It's hard to imagine a more devastating diagnosis than ALS, also called Lou Gehrig's disease. For most people, it means their nervous system is going to deteriorate until their body is completely immobile. That also means they'll lose their ability to speak.
So Carl Moore of Kent, Wash., worked with a speech pathologist to record his own voice to use later — when he can no longer talk on his own.
Originally published on Tue February 25, 2014 6:46 am
Eighty percent of college students say they drink, despite laws making it illegal for anyone under 21 to drink alcohol. Critics of that drinking age say that lowering it would reduce binge drinking and alcohol-related deaths.
But that might be wishful thinking, a study says. Researchers from Boston University reviewed scientific literature published since 2006 and concluded keeping the legal drinking age at 21 reduces rates of drunk driving and crashes, and reduces rates of underage drinking.
With a bit more than a month left for people to sign up for health insurance plans set up under the Affordable Care Act, the federal website known as HealthCare.gov finally seems to be working smoothly — in 36 states.
But what's happening in the 14 states that are running their own exchanges?
When private hospitals transfer patients who don't have insurance to public hospitals, it's called "patient dumping." But a study from Stanford University published Wednesday suggests a twist: Hospitals, it seems, are less likely to transfer critically injured patients to trauma centers if the patients have health insurance.
Originally published on Thu February 20, 2014 1:26 pm
The more you sit, the less physically active you are, which can lead to all sorts of health problems, including an early death.
But too much sitting increasingly looks like a health risk all its own. Researchers at Northwestern University say that for people 60 and older, each additional hour a day spent sitting increases the risk of becoming physically disabled by about 50 percent — no matter how much exercise they get.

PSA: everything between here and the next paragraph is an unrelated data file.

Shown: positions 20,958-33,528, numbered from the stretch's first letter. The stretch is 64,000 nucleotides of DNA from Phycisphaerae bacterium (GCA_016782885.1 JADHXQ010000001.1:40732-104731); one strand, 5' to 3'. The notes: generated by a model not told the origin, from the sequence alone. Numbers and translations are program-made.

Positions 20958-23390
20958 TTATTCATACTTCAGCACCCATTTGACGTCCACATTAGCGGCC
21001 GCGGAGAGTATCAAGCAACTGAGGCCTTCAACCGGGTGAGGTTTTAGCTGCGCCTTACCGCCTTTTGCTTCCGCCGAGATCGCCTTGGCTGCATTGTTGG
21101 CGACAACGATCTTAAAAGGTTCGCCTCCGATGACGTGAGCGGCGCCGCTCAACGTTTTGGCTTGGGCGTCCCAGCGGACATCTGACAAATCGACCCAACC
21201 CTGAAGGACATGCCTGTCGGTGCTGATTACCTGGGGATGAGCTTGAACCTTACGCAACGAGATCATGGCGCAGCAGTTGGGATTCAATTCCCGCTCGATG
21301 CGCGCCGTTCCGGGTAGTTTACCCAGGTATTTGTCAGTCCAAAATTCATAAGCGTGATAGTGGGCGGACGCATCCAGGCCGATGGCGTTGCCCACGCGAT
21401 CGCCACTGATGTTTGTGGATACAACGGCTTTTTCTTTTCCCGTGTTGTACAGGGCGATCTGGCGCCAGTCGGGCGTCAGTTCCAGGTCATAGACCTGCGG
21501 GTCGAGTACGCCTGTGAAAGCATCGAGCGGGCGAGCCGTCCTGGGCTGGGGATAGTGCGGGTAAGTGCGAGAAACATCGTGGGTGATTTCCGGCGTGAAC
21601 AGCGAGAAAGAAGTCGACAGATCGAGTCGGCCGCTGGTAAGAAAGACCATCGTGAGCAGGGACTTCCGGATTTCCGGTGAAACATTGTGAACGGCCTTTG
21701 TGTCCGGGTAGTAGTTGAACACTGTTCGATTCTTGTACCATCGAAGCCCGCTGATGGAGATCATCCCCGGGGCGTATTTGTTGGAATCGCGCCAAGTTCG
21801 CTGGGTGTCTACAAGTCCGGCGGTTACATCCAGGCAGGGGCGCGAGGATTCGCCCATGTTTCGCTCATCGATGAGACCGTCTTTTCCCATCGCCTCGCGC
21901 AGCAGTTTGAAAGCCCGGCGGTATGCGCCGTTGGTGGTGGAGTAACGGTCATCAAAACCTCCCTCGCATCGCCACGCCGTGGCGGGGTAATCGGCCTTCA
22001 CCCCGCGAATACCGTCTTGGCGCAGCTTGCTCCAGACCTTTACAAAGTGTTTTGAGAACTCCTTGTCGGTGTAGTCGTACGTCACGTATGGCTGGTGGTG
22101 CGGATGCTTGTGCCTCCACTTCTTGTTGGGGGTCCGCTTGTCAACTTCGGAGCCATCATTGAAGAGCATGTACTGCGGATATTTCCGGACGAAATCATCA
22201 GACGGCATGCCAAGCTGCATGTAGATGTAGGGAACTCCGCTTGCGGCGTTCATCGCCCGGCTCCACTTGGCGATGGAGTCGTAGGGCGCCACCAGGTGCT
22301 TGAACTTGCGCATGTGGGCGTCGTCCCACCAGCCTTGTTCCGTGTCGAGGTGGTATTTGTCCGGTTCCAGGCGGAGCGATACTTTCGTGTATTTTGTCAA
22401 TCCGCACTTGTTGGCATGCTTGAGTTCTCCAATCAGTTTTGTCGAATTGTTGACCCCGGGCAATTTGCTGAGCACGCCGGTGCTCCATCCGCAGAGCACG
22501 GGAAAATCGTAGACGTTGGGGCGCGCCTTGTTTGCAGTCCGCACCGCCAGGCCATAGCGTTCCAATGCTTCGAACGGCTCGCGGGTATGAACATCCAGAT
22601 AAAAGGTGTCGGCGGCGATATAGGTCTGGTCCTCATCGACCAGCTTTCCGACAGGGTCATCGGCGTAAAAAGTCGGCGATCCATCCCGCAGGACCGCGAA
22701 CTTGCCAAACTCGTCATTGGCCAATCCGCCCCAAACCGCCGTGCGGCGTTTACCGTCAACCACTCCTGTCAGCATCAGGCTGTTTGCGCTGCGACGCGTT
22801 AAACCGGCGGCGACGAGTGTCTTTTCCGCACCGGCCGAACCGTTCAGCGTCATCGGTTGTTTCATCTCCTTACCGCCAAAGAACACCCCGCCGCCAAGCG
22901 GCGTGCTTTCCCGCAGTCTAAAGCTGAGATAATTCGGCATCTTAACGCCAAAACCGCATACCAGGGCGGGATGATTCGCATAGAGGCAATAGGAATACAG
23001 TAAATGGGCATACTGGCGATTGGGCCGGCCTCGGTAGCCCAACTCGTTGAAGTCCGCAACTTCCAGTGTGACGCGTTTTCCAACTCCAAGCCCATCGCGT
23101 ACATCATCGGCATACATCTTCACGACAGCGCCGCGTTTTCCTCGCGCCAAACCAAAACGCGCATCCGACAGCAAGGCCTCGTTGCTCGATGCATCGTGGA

Originally published on Tue February 18, 2014 5:48 pm
Parents love it when their babies are good eaters, whether it's polishing off a bottle or happily grabbing bits of pasta. But researchers think babies who chow down with gusto might be setting themselves up for obesity later on.
Electronic cigarettes are often billed as a safe way for smokers to try to kick their habit. But it's not just smokers who are getting their fix this way. According to a survey published by the Centers for Disease Control and Prevention, 1 in 5 middle school students who've tried one say they've never smoked a "real" cigarette. And between 2011 and 2012, e-cigarettes doubled in popularity among middle and high school students.
Originally published on Thu February 13, 2014 10:40 am
We usually think of the flu as an illness that afflicts the elderly. But this season the virus seems to be hitting younger people hard.
This winter at Duke University Medical Center in Durham, N.C., the median age of people hospitalized with influenza was 28.5 years. Many of the worst cases of flu occurred in young, otherwise healthy people.
Originally published on Wed February 12, 2014 4:11 pm
Fifteen years ago an unwelcome viral visitor entered the U.S., and we've been paying for it ever since.
The U.S recorded its first case of West Nile virus back in 1999. Since then, the disease has spread across the lower 48 states and cost the country around $800 million, scientists reported this week in the American Journal of Tropical Medicine and Hygiene.